French biochemist Pierre Calleja poses the question, “who will save our suffocating world?” Given the scientist’s area of expertise, the answer may not surprise you, for in his formulation the crucial ingredient of our salvation is not the out-sized brains of homo sapiens, but rather the singular cells of a phosphorescent micro organism.
Microalgae Street Lamps. Designed by Pierre Calleja.
Scientist Pierre Calleja Has Designed A Bio-Powered Lamp
Calleja’s creation is a lamp like no other. Though slightly familiar from the photovoltaic paradigm of energy collection, Calleja’s Microalgae Powered Lamps depart from pv cells in many ways. Just for starters, the crucial components are not made by man at considerable effort and expense, but rather bestowed as a gift of nature—prone to reside at the mucky surface of a Louisiana swamp, or deep in the gardens of the dark-green sea.
For the last 20 years, Calleja has focused his attentions on species of mixotropic algae, versatile little buggers that generate electricity not only from the preferred source of most plant life—sunlight—but also by absorbing CO2: “the lamps are composed of a tube containing microalgae, as well as a battery… during the day, the batteries are charged via photosynthesis of the algae, using both solar power and CO2.”
This means that Calleja’s microalgae not only suck those pesky carbon molecules from the air, they also convert them into a ready source of energy to power his street lamps. The lamps, for their part, contain a murky mix of the greenish algae and a growth medium (water). This, together with the emitted light, makes for a Frankenstein meets Tim Burton type of aesthetic, which will be most intriguing once Calleja perfects the concept and the lamps begin to purify the air on foggy roadways and cloud-enshrouded bridges from Paris to Prague, from Bangladesh to Budapest.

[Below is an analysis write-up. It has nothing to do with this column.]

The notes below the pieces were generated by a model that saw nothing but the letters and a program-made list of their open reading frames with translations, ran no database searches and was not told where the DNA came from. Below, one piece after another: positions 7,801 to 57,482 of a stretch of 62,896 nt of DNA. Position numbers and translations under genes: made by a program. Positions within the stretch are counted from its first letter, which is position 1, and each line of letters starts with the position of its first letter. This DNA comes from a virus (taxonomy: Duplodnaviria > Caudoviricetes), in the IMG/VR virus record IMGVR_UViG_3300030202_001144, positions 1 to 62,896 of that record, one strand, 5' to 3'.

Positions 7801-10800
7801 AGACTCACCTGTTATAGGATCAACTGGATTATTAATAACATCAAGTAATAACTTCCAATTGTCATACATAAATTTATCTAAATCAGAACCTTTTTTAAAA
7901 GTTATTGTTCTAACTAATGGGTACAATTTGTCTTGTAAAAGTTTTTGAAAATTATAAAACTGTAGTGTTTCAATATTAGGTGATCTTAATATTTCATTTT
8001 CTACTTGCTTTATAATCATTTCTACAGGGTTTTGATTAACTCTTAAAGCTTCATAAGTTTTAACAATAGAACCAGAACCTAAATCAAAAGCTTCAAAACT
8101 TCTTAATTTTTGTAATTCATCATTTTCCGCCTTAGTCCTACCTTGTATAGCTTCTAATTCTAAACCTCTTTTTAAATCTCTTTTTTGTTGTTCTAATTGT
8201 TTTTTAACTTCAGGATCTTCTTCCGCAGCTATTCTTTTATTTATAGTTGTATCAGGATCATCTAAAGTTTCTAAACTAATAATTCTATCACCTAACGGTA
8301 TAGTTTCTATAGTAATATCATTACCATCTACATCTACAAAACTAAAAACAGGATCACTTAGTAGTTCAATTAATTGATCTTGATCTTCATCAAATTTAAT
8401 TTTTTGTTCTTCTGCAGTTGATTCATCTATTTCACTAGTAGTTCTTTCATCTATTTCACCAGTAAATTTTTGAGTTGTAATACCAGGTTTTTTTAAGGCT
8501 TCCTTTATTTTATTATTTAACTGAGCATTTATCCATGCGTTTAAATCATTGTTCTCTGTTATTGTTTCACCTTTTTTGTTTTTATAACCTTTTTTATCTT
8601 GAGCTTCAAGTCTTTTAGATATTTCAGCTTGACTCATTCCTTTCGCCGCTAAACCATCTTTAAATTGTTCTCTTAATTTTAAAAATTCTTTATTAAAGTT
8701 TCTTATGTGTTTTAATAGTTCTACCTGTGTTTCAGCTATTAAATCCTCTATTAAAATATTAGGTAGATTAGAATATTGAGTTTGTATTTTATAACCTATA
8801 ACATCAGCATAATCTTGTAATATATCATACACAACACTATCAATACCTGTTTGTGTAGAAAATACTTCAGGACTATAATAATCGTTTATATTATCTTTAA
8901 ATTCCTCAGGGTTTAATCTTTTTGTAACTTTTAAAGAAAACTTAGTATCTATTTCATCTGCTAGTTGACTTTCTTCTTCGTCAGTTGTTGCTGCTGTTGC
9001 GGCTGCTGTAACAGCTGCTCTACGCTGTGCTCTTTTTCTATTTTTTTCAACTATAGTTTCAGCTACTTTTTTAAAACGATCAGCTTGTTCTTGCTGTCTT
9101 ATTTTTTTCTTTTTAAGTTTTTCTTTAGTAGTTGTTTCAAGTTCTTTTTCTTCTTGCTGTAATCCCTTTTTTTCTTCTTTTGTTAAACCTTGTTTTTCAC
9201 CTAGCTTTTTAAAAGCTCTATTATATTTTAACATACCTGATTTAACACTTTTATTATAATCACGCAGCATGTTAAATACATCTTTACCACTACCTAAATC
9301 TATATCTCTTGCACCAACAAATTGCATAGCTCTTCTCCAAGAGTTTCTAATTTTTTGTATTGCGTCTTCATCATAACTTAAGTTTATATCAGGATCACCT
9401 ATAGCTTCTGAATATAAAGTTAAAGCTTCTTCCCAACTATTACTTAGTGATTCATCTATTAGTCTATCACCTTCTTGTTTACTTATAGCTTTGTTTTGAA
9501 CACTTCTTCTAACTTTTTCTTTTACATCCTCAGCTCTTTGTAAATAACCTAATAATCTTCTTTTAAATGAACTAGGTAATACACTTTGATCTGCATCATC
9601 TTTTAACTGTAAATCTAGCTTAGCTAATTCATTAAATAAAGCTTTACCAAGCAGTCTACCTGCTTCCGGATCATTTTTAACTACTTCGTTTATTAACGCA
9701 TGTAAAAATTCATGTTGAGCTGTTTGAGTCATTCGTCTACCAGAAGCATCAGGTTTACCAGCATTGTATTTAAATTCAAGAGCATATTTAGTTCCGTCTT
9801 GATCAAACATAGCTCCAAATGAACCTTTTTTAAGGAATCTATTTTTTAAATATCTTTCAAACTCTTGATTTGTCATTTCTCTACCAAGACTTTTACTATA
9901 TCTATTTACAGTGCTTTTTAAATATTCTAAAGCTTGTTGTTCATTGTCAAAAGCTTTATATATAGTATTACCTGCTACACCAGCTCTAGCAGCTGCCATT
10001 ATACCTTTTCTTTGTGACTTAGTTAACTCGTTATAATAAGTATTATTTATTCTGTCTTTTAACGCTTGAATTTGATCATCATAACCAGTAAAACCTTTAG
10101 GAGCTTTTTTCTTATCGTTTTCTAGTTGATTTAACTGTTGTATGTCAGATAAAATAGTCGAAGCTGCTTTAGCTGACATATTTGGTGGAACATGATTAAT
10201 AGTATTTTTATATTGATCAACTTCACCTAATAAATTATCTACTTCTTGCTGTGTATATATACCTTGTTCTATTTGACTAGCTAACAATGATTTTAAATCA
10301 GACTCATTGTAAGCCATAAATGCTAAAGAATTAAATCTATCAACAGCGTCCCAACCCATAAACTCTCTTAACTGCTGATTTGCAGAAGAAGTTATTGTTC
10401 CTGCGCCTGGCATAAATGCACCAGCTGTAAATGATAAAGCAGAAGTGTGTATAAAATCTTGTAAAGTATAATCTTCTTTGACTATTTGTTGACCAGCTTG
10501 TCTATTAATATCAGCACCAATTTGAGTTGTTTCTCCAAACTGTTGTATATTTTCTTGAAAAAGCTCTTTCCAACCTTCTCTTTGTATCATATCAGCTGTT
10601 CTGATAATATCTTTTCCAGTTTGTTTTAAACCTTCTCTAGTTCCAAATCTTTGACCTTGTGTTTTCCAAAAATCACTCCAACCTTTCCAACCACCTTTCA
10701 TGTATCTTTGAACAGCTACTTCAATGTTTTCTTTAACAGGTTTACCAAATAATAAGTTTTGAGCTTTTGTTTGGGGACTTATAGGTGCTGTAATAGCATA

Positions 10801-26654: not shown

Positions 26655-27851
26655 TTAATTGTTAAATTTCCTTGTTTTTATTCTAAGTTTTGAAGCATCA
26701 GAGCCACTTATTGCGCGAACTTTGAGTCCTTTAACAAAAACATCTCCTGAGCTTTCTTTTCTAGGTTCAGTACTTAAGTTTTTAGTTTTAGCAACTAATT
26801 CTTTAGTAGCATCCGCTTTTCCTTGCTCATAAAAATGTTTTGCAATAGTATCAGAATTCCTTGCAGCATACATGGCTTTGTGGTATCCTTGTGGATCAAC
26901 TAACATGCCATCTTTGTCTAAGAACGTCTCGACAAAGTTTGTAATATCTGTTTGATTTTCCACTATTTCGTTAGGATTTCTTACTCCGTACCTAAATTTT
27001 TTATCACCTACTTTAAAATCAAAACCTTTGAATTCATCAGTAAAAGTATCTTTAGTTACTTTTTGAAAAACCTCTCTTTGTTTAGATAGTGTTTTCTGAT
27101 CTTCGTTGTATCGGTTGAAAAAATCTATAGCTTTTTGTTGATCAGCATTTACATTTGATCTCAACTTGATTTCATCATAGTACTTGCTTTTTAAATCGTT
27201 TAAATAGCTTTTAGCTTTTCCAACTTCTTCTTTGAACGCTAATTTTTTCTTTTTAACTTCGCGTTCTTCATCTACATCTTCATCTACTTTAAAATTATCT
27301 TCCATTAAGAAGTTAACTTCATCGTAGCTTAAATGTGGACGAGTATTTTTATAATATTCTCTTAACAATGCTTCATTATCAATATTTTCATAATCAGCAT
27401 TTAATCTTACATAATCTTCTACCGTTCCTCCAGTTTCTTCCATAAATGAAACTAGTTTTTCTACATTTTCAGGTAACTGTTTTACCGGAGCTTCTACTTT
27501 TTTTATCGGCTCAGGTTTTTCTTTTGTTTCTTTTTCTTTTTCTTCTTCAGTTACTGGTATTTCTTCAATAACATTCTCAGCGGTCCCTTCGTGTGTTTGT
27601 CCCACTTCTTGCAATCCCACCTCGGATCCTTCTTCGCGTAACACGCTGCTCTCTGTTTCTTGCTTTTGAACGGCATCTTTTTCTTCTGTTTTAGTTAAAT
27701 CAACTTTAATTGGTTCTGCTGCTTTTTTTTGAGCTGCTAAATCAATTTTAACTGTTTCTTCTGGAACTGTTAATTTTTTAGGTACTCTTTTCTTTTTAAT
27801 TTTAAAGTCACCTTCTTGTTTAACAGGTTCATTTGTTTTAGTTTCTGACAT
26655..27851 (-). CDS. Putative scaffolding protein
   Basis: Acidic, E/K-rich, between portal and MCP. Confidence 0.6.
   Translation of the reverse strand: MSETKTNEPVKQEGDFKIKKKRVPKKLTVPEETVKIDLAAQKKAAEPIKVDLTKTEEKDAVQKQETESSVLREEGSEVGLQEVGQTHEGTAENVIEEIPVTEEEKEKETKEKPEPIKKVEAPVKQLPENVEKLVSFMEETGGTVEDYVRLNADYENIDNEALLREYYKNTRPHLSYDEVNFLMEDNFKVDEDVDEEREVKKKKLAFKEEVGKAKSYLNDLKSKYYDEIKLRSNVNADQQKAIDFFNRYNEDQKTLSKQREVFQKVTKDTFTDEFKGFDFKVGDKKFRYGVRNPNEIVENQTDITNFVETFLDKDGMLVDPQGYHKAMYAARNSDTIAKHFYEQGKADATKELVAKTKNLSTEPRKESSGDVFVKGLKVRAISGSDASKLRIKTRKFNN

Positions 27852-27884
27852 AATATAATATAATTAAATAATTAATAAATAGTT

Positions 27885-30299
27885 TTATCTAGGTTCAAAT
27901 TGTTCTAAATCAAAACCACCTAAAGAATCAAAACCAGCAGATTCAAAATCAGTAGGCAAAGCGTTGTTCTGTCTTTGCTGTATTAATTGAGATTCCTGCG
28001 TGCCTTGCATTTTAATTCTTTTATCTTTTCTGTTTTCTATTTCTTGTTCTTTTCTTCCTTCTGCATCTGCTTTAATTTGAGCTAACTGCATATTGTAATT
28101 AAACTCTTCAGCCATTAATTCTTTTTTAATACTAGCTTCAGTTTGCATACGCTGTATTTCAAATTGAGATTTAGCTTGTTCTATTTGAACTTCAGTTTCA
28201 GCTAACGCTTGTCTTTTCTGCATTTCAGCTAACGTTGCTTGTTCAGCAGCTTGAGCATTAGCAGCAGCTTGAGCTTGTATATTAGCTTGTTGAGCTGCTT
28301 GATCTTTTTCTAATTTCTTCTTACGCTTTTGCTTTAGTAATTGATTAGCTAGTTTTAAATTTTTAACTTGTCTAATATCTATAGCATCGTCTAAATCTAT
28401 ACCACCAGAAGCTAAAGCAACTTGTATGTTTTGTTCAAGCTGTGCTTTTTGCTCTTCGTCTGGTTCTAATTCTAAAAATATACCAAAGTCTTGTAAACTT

Remarking that car exhaust accounts for around 25% of global CO2 emissions, Calleja suggests that the Microalgae Lamps will address two social problems at once: “absorbing an estimated ton of emissions per year, the lamps represent a viable electricity-free lighting solution even for locations where there is no or little natural light, such as underground parking garages—at night, the stored power is used for lighting.”
About the Designer: French Biochemist Pierre Calleja has dedicated 20+ years of research to the microscopic wunderkind called mixotropic algae. These single-celled organisms feed on sunlight and carbon dioxide with equal facility, thus not only harboring tremendous potential to diminish global warming, but also to create usable electricity. Currently in the prototype stage, Calleja’s Mircoalgae Street Lamps may one day be a fixture in high-density municipalities, shops, and private homes.